Wednesday, June 9, 2010

The Human Clock: CHRONOBIOLOGY

It seems natural but why in a 24 hours day do we sleep at night and work in day, and why does ‘shit happens’ mostly in the mornings? Our biological routines are mostly time bound…and that too round the clock.
A clock can be defined as an instrument used to indicate, keep, and co-ordinate time. Clocks have advanced from being the sun dials of ancient times to the ultra modern atomic clocks.

But there is another clock, besides the one hanging on the wall… inside our body. It is fitted in our brain. It determines the rhythmicity of our biological routines like being alert in day, sleepy at night. And the study of “biological time” or biological rhythmicity is called Chronobiology.

Among biological rhythms, circadian (in Latin: circa= about; dies= day) rhythms are the most extensively studied. The activity–rest (i.e. wake-sleep) cycle is the most apparent of all circadian rhythms.
There are various less overt phenomena going on inside our body which depend on this clock, such as many hormones are released in a pulasatile manner, heart attacks are more common in early mornings, the blood pressure varies at different times of day- being maximum in evenings, the normal body temperature is maximum in the evenings and lowest in early morning before dawn. The fever of tuberculosis also has an evening rise; the alertness in daytime also varies in between the day, being most alert in the forenoon. Although there can be exceptions… these processes are more or less time bound.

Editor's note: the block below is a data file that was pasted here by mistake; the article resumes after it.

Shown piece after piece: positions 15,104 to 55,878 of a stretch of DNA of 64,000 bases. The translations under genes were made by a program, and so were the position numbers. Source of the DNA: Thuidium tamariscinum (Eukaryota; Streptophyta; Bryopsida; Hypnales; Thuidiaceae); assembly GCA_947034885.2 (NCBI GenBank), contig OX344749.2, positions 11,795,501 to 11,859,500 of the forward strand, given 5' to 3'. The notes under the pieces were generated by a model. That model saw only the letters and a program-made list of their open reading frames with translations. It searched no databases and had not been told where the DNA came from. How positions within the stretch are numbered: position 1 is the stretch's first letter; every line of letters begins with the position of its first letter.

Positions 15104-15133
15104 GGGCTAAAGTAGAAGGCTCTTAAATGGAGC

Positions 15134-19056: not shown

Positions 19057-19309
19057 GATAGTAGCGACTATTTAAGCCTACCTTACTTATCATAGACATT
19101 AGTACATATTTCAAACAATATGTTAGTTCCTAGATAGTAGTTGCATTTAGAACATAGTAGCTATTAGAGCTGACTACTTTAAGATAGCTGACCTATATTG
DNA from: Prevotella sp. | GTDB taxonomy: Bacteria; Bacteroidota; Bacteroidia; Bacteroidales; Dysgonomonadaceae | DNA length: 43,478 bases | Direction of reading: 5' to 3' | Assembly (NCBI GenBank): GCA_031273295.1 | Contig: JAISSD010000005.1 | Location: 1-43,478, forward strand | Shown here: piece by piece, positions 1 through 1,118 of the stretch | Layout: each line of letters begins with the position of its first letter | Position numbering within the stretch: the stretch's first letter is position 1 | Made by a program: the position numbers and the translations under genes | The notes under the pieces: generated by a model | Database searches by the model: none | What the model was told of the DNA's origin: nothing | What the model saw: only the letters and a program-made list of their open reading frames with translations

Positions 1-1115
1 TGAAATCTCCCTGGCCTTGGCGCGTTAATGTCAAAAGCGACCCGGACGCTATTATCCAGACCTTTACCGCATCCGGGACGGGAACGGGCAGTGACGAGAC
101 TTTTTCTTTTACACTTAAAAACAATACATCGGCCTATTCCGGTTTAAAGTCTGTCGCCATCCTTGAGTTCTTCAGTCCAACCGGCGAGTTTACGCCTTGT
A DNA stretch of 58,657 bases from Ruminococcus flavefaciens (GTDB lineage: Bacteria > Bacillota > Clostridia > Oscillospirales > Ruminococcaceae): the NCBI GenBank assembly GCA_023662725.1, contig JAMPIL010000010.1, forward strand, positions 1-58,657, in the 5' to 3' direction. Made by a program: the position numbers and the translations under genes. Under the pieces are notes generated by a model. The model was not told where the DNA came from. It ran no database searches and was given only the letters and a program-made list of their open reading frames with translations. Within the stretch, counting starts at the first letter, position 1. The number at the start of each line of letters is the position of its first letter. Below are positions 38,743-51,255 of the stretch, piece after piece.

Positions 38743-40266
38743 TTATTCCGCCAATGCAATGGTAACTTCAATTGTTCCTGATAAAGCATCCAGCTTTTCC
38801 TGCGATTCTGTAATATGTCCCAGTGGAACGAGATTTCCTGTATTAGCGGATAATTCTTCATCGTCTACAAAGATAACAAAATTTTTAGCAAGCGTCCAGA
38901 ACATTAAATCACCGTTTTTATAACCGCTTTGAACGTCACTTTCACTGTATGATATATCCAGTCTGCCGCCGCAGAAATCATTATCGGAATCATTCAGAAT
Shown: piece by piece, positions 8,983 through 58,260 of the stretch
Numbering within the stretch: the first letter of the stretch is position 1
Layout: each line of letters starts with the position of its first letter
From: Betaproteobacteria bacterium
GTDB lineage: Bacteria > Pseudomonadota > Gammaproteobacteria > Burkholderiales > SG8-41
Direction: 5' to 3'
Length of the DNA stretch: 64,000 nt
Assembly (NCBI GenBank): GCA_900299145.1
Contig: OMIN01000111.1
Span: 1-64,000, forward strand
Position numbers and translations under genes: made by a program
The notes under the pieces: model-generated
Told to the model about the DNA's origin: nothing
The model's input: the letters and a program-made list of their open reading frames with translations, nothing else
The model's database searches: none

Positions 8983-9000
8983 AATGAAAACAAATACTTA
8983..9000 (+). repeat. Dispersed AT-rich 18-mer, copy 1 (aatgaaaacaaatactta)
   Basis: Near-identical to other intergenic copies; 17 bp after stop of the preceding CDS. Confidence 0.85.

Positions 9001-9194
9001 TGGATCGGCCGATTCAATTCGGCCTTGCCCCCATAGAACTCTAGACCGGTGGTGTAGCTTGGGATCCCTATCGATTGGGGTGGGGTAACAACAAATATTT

This human ‘clock’ resides in an area of brain- the anterior hypothalamus and is called suprachiasmatic nucleus (SCN) by the scholars. And it does not agree with the wall clock.

The mean circadian period generated by the human clock (or SCN) is approximately 24.18 hours. The wall clock completes an astronomical day/cycle in 24 hrs. So the human watch ticks 10 minutes and 48 seconds too slowly per day. Therefore, a circadian/human clock must be reset on a regular basis to be effective at maintaining the proper phase relationships of behavioral and physiological processes within the context of the 24-hour day. If not done, an individual will gradually come out of synchrony with the astronomical day. In slightly more than 3 months, a normally diurnal human would be in opposite phase to the day–night cycle and thus would become transiently nocturnal i.e. wakeful at night and sleeping in day.
Best wishes for your Time Check.

4 comments:

  1. is that really true boss?? i never knew d human circadian rhythm has been calculated that precisely to the second ... doesnt sound that credible, does it, especially when considering the vast individual variations??
    regards,
    Anurag

    ReplyDelete
  2. yes anurag, that is true, as per current evidence. It is calculated as an average, and may differ in individuals.
    For reference u can check out
    1- 'Kaplan & Sadock's Comprehensive Textbook of Psychiatry' 9th edition
    2-Czeisler CA, Duffy JF, Shanahan TL, et al: Stability, precision, and near-24-hour period of the human circadian pacemaker. Science. 1999;284:2177.
    3-Miller JD, Morin LP, Schwartz WJ, Moore RY: New insights into the mammalian circadian clock. Sleep. 1996;19:641.
    4-Reppert SM, Weaver DR: Coordination of circadian timing in mammals. Nature. 2002;418:935.
    ....if u want more gruesome details.

    ReplyDelete
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